Blogs&Reviews

  • The antitrust orthodoxy is blind to real data harms

    Cristina Caffarra, Gregory Crawford, Johnny Ryan, 22 April 2021

    Cristina Caffarra, Gregory Crawford and Johnny Ryan make the case that (lack of) privacy is an (often unobservable) price of using digital platforms, and that (lack of) privacy facilitates mainstream antitrust harms such as exploitation and foreclosure by dominant digital platforms.

  • Rebellion, Rascals, and Revenue: A review

    Shafik Hebous, 07 April 2021

    Shafik Hebous admires how Michael Keen and Joel Slemrod draw out common threads of tax principles and practice that have underlain tax systems for thousands of years to show us why polices were chosen, and why they failed or prevailed.

  • Democracy in Iceland

    Thorvaldur Gylfason, 31 March 2021

    Thorvaldur Gylfason argues that unless Iceland's Parliament confronts the country's oligarchs and respects the will of the people by ratifying the new constitution designed to reverse the retreat of age-old democracy, it risks becoming a failed state.

  • Government spending: Less may be more!

    Roel Beetsma, Ludger Schuknecht, 25 March 2021

    Roel Beetsma and Ludger Schuknecht argue that governments could and should deliver more for their citizens’ money.

Other Recent Blogs&Reviews:

  • Nicolas Véron, 02 July 2018

    In August 2010, Andreas Georgiou, former President of the Hellenic Statistical Authority, was charged with having harmed Greece's national interests. In this post, Nicolas Veron argues that the relentless prosecutions against Georgiou are more than a matter of shameful harassment by Greece – his case also raises disturbing questions about the integrity of European statistical processes.

  • Simon Wren-Lewis, 29 June 2018

    Many businesses in the UK have finally decided to make their concerns over Brexit public. In this post, Simon Wren-Lewis argues that the prospect of a regulation-free post-Brexit UK has little appeal to businesses that trade because what these business want is harmonised regulations - which is essentially what the EU does.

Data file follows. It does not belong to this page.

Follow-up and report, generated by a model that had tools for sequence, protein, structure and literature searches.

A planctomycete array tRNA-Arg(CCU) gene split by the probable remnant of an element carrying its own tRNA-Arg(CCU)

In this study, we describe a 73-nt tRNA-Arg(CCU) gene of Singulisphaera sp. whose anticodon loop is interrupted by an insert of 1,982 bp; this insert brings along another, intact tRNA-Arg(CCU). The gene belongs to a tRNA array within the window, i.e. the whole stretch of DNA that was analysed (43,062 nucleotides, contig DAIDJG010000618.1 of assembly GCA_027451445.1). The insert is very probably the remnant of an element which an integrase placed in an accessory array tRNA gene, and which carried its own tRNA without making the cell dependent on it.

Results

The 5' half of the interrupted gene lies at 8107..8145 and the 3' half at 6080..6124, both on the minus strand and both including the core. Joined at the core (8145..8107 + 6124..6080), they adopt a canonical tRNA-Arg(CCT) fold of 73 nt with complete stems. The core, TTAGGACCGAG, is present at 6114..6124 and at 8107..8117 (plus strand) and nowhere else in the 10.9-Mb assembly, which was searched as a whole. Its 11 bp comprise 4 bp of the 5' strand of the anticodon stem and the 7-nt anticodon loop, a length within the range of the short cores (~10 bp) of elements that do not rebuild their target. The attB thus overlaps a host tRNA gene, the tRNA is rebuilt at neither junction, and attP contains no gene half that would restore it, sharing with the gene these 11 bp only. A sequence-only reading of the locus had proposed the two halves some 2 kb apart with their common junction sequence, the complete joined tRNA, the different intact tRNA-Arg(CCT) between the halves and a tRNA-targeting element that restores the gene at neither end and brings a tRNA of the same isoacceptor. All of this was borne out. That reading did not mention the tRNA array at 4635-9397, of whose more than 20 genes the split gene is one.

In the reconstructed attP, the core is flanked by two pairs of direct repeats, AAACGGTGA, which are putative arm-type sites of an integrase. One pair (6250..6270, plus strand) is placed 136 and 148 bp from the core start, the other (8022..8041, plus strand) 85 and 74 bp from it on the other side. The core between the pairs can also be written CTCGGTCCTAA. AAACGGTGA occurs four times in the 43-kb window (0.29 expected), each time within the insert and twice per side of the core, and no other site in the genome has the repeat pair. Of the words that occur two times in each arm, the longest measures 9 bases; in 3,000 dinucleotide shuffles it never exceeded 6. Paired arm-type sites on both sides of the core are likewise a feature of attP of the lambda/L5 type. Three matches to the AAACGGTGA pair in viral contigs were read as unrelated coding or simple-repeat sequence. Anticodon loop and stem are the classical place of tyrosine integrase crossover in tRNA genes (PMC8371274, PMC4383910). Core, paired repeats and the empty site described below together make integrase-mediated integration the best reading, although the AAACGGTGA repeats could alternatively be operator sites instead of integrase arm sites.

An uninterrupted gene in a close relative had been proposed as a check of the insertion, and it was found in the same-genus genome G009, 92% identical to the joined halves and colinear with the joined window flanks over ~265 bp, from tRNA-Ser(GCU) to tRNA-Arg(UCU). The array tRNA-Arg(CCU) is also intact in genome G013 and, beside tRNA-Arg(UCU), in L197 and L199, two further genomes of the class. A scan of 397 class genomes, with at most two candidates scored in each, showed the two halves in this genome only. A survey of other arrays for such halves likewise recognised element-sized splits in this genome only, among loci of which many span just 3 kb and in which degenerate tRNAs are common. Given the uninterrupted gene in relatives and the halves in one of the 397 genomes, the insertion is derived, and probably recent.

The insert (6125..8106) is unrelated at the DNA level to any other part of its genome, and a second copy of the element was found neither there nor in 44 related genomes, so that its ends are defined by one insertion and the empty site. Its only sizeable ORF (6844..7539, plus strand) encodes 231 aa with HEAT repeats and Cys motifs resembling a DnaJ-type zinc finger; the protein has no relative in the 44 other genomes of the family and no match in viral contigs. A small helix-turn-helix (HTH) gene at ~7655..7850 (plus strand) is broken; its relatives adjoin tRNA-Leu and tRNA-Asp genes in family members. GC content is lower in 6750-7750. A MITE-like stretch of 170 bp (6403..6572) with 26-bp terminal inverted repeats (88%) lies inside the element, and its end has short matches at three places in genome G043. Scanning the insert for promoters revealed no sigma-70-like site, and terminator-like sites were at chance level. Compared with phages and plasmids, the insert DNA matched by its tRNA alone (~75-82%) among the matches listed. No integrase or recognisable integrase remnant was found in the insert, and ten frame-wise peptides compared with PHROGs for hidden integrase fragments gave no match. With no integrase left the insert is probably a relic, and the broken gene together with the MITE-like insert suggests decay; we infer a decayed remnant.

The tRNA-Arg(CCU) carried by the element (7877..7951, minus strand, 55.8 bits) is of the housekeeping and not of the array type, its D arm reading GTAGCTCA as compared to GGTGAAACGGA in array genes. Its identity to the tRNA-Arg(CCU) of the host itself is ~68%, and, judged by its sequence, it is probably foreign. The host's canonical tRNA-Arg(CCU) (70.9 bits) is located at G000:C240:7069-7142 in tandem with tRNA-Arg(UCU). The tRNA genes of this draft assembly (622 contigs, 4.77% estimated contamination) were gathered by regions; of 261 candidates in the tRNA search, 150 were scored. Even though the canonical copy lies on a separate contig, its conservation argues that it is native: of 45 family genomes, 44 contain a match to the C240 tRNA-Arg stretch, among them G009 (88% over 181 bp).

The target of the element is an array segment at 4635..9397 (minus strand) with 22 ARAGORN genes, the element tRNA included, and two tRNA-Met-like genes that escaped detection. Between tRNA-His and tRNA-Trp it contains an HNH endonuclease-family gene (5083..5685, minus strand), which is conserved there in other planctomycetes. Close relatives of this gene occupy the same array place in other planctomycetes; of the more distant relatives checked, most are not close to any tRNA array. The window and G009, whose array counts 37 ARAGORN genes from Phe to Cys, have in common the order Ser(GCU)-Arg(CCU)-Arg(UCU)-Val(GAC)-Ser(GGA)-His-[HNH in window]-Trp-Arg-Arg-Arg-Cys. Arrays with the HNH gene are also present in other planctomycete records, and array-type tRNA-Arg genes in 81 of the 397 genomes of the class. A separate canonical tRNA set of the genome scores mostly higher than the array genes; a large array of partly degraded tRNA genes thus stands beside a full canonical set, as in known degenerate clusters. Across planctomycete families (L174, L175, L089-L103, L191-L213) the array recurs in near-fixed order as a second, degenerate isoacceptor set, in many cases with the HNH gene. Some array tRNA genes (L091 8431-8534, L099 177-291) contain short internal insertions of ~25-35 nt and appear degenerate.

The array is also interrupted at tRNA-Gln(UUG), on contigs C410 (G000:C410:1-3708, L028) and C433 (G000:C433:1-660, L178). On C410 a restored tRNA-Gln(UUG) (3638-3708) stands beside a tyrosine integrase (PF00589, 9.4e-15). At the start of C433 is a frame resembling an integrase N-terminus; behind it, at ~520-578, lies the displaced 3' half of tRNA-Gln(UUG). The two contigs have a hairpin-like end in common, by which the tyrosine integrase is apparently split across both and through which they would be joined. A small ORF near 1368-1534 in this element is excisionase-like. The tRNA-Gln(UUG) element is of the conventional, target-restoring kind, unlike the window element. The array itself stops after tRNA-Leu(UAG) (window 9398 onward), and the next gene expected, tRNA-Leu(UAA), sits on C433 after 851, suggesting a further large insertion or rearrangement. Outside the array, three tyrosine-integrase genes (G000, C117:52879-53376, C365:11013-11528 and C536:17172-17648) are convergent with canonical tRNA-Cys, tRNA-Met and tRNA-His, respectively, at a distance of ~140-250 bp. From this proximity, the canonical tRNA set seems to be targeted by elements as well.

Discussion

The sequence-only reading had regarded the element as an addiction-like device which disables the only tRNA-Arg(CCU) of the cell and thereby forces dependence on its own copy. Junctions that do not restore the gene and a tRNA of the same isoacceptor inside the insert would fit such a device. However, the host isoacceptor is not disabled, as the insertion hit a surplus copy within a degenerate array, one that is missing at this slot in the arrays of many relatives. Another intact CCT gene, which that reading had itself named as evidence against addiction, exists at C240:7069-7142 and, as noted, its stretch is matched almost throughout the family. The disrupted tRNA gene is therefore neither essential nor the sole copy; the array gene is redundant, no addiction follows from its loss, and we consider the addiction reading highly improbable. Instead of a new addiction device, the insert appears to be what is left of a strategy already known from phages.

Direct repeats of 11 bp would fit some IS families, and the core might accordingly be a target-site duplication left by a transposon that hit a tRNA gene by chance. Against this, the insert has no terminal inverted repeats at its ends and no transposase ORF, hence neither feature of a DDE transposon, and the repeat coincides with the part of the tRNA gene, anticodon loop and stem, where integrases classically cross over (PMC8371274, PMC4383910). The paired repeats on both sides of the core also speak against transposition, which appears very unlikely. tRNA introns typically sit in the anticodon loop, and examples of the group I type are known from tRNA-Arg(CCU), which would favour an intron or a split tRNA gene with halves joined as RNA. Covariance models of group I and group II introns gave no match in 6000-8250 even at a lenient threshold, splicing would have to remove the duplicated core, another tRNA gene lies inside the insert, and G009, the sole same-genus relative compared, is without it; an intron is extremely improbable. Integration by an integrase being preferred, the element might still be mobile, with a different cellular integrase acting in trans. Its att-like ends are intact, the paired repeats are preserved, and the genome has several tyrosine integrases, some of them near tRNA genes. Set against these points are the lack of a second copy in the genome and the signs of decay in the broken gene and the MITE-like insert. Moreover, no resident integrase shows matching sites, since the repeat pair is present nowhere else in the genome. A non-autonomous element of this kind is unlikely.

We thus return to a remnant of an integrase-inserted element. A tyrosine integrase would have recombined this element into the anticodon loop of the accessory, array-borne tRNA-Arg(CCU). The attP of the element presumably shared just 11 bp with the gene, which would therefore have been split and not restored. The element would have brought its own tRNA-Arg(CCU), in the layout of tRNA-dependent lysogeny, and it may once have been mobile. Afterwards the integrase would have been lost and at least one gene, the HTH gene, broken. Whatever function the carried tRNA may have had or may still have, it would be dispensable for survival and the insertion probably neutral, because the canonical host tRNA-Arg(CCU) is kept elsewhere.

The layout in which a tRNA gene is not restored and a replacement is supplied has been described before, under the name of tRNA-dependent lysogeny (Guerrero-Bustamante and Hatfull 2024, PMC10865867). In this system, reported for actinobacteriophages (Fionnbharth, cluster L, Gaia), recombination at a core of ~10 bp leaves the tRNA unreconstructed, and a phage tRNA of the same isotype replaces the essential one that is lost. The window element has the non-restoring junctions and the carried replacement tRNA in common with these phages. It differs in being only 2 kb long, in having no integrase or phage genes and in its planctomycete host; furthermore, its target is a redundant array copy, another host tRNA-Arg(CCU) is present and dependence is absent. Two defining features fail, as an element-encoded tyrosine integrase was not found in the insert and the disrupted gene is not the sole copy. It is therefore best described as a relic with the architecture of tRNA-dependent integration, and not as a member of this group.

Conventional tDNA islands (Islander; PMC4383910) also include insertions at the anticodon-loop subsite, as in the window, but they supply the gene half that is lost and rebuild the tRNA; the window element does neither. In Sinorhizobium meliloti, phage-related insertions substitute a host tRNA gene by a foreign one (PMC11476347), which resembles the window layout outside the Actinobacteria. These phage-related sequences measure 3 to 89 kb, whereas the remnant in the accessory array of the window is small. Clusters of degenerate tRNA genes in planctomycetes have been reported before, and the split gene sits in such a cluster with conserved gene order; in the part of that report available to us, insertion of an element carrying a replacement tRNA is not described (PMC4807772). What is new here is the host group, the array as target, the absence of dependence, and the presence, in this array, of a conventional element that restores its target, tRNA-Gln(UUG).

• Gabriel Felbermayr, Jens Südekum, 28 June 2018

    Whether economists like it or not, the world has to deal with President Trump’s interpretation of the US's trade deficit. In this post, Gabriel Felbermayr and Jens Suedekum look at the numbers behind the deficit and assess the bargaining position of the EU if the trade conflict were to escalate.

  • Jeffrey Frankel, 27 June 2018

    One sometimes hears that the tariffs imposed by the Trump administration are a complete departure from historical Republican orthodoxy. In this post, Jeffrey Frankel argues that while in recent decades Republican politicians have tended towards free-trade philosophy more than their Democratic counterparts, during most of the first 100 years of its existence, the Republican Party was protectionist in both word and deed. 

  • Simon Wren-Lewis, 27 June 2018

    Last week saw leading lights in the Labour party attack elements of the mass movement of those who want to remain in the EU. In this post, Simon Wren-Lewis argues that picking a fight with some Remainers by suggesting they are, knowingly or not, just an anti-Corbyn front because they attack Labour on Brexit seems to both miss the point and to be terrible politics. He also argues that Labour have little to lose by backing the popular people’s vote against May’s deal as well as voting against that deal.

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